The report resulting from the collaboration by the International Organization for Migration (IOM) and the Migration Policy Institute (MPI) marks the first comprehensive analysis of the travel measures and border closures that governments around the world took during 2020—which at their peak in mid-December exceeded 111,000 in place at one time. The report, COVID-19 and the State of Global Mobility in 2020, results from MPI analysis of IOM’s COVID-19 Mobility Impacts platform, which collects all of the actions taken by countries and subnational authorities to close international borders, restrict travel between particular locations, impose quarantines and health requirements for travellers, and establish “travel bubbles” and other arrangements.
“The COVID-19 pandemic has gravely impacted global mobility, stranding millions of people, migrant labourers, family members or international students overseas,” said IOM Director General António Vitorino. “This report draws out these dynamics over the course of 2020 and highlights the ways governments are attempting to restart mobility in 2021 and beyond.”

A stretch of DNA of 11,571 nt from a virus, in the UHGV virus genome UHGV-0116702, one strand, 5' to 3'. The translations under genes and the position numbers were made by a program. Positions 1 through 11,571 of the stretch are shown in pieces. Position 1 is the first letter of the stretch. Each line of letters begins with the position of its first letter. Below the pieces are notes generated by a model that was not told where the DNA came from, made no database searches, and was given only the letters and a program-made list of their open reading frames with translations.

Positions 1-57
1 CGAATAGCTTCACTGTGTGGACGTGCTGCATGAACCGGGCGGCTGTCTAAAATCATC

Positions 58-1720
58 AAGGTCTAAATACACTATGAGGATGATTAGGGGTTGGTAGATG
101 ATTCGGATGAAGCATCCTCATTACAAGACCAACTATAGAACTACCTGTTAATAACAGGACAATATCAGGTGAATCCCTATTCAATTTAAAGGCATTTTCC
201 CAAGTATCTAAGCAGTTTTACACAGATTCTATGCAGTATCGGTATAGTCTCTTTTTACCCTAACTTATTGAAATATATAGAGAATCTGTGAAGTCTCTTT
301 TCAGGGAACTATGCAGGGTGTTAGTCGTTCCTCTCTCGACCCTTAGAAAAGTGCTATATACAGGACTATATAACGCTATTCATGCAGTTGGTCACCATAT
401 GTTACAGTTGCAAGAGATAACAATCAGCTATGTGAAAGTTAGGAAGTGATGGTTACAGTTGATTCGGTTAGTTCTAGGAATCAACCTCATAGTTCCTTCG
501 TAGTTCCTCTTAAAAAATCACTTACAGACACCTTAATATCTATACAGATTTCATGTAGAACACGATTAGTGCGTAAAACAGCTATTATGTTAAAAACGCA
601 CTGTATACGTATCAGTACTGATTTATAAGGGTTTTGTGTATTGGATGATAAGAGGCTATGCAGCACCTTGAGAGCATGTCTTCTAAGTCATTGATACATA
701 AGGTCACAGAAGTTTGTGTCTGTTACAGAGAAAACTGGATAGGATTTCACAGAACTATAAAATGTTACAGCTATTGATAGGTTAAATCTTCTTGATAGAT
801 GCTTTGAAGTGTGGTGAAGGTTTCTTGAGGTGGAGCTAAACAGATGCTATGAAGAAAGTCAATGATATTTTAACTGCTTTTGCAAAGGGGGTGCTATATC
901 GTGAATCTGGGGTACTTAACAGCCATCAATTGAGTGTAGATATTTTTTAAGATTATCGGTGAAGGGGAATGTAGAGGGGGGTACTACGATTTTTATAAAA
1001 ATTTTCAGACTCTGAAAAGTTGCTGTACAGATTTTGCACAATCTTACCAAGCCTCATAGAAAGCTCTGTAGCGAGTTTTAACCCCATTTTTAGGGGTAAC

Cross-border mobility in 2020 can be divided into three phases, the report’s authors find:
- January to May: Mobility lockdowns. In this first phase, countries introduced a raft of national lockdowns, other travel restrictions and health requirements to respond to the fast-evolving public health crisis. The scale of border closures was unprecedented, many occurring with limited coordination. By the end of March, governments had issued or extended 43,300 travel measures. Movements of all kinds were dramatically curtailed. For instance, the numbers of passengers on international flights in April and May were down by 92 per cent relative to the same months in 2019.